Oregon GOP legislator thrown out of office unanimously (except for his own vote).
From USA Today;
In response to:
'Only reasonable course of action': Oregon GOP legislator ousted over state Capitol breach
SALEM, Ore. — The Oregon House of Representatives ousted Republican Rep. Mike Nearman Thursday night, the first time in state history a sitting Oregon lawmaker has been expelled.
The tally was 59-1, with the only vote against coming from Nearman himself. He showed no contrition during brief comments on the floor of the House.
Nearman was removed for the disorderly behavior of allowing rioters into the closed Capitol building during a special legislative session on Dec. 21, 2020.
His actions led to dozens of people — some armed and wearing body armor — gaining access to the Capitol, thousands of dollars in damage and six injured Salem and Oregon State police officers.
"Colleagues, it couldn't be any clearer. Rep. Mike Nearman intentionally allowed armed protestors, occupiers, to illegally enter the building during the peak of the pandemic," Rep. Paul Holvey, D-Eugene, said on the floor of the House. "He coordinated with his supporters and extremist groups and then opened a door to let them in."
Lawmakers commented on the day being "sad" and "somber" but said the Legislature had a responsibility to expel Nearman after he put his colleagues and staff at risk and has refused bipartisan calls for his resignation.
"Expulsion is the only reasonable course of action," said Rep. Andrea Salinas, D-Lake Oswego.
Article IV Section 15 of the Oregon Constitution gives each chamber the right to punish its members for "disorderly behavior," and punishment can include expulsion.....
House Speaker Tina Kotek, D-Portland, had introduced House Resolution 3 on Monday and created the bipartisan special committee that unanimously voted Thursday afternoon to move the resolution to the full House.
The House suspended certain legislative process rules to allow lawmakers to vote on the resolution immediately.
"The facts are clear that Mr. Nearman unapologetically coordinated and planned a breach of the Oregon State Capitol," Kotek said in a statement after the vote. "His actions were blatant and deliberate, and he has shown no remorse for jeopardizing the safety of every person in the Capitol that day.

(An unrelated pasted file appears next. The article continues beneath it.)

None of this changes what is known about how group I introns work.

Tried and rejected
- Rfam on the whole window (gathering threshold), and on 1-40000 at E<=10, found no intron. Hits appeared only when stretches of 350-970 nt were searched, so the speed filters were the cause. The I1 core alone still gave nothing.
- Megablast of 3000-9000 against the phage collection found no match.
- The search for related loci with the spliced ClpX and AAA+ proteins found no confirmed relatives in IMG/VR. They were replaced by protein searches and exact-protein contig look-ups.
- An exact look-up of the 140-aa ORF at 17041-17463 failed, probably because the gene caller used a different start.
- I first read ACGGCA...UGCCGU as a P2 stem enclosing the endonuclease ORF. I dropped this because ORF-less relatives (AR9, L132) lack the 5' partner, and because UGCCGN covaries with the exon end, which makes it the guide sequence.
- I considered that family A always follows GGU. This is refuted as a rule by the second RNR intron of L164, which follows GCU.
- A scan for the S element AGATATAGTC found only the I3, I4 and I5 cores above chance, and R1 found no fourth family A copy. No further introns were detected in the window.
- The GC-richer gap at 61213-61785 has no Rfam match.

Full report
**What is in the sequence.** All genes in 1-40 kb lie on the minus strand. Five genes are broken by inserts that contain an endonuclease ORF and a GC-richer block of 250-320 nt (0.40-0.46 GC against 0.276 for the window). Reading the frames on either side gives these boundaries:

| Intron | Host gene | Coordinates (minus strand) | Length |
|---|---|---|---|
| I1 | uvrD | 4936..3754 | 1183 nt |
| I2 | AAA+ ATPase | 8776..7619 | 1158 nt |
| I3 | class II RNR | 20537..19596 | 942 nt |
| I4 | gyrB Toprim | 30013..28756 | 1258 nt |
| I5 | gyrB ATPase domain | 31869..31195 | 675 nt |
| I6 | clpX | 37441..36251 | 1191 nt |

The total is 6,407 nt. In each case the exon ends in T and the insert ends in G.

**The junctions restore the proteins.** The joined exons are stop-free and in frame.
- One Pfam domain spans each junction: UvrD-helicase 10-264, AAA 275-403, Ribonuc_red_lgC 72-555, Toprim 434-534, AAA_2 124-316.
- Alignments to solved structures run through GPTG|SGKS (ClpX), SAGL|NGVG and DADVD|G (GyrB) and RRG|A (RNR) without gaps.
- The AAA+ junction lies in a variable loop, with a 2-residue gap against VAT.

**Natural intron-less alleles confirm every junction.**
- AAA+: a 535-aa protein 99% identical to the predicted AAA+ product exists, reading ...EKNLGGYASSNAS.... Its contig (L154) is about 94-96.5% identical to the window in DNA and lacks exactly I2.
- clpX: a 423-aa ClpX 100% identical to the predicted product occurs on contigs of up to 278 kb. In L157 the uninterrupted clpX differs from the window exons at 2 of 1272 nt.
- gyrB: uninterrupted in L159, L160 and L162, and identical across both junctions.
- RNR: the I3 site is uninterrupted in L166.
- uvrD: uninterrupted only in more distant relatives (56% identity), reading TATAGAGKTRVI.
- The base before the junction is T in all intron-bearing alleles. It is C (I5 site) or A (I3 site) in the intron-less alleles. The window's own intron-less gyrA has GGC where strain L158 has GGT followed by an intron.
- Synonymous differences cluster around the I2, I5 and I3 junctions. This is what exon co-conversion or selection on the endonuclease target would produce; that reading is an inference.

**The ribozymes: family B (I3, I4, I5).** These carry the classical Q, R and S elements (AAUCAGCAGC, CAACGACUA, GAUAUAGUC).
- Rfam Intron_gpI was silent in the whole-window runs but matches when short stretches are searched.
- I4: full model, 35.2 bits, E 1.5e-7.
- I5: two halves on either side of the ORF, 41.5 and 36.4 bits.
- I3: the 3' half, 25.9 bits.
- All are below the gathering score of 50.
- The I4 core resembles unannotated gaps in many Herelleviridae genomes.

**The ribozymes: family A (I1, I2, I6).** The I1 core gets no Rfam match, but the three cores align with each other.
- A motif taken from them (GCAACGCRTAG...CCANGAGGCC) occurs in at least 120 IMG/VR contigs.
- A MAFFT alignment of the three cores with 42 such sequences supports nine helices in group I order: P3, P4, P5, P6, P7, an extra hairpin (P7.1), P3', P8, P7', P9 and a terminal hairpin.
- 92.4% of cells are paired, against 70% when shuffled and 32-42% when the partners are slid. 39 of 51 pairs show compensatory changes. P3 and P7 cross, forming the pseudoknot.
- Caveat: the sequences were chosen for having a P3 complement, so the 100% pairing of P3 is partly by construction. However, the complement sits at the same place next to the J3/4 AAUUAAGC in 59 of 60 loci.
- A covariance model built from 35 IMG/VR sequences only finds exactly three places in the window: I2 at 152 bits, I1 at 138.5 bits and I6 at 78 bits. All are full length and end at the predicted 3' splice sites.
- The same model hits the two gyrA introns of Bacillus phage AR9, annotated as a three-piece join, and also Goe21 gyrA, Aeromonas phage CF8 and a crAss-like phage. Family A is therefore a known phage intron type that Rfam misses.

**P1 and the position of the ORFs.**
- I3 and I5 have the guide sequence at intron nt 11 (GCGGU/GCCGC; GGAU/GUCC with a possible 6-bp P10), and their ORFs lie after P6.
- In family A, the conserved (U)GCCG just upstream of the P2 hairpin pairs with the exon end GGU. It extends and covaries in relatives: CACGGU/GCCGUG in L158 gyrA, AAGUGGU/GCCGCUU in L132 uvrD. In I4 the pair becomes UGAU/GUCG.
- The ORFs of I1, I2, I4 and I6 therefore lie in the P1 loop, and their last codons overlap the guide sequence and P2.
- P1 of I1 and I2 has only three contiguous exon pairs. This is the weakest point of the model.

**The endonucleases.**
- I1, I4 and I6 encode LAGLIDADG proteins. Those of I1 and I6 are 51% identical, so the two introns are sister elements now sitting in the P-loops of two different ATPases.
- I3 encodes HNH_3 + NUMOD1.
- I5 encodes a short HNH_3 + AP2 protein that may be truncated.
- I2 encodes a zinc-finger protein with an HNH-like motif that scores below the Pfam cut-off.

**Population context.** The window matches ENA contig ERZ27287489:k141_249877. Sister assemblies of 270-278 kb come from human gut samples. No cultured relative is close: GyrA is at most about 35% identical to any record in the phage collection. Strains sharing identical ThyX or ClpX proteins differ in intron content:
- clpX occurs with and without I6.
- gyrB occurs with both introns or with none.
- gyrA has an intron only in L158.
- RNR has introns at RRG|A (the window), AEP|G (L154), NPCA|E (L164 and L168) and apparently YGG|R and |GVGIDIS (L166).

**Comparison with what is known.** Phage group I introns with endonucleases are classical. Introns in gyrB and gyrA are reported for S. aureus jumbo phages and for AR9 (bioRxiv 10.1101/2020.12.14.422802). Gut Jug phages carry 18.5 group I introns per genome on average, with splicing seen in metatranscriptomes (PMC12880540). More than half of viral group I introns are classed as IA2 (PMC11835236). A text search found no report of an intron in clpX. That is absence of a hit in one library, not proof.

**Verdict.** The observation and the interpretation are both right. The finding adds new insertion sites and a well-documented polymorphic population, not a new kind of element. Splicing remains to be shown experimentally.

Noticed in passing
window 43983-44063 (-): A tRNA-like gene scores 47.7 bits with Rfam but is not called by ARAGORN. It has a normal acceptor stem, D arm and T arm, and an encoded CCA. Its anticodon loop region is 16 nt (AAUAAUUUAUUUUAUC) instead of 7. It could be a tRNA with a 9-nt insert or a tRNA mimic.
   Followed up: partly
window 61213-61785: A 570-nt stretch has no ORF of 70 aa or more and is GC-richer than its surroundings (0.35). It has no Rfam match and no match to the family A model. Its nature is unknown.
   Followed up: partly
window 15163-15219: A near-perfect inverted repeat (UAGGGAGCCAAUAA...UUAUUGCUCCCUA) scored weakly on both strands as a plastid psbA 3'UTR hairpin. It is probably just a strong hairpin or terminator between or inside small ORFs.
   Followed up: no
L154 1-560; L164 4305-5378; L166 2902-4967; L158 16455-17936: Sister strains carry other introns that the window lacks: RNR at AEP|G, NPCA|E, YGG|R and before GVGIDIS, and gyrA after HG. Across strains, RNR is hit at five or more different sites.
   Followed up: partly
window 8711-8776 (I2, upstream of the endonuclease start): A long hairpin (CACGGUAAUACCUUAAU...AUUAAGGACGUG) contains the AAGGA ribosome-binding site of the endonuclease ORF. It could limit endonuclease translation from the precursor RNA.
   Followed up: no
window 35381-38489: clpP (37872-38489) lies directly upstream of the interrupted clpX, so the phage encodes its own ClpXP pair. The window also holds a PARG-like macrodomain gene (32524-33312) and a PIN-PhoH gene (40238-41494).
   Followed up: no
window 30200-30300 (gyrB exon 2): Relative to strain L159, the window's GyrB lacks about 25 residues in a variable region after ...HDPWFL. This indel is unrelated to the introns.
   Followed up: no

Republicans had stayed mostly silent on Nearman's actions until the past week, after a video surfaced that showed Nearman suggesting to a crowd days before the riot that if demonstrators texted him he might let them into the Capitol.
The other 22 members of the House Republican caucus called on Nearman to resign from the Legislature through a letter on Monday.
"It is our belief as friends and colleagues that it is in the best interest of your caucus, your family, yourself, and the state of Oregon for you to step down from office," the letter read, in part.
Democrats have been calling for Nearman's resignation or expulsion for months, with many redoubling those calls in the wake of the video becoming widely known.
Nearman also faces criminal charges stemming from the incident. He was arraigned May 11. They are misdemeanors but do carry possible jail time.
Before the second video was discovered a nonpartisan legislative investigation concluded that Nearman "more likely than not" let demonstrators into the building on purpose.
That investigation relied largely on video evidence from security cameras at the Capitol.
A still from a security camera showing Rep. Mike Nearman opening an exterior door, which allowed (~ 50) rioters access to the Oregon State Capitol building on Dec. 21, 2020.....
Oregon serves as a model for ultimately doing the right thing. Hopefully, it will motivate Congress to also take proper action to it's members who have supported the insurrection and inhibited investigation.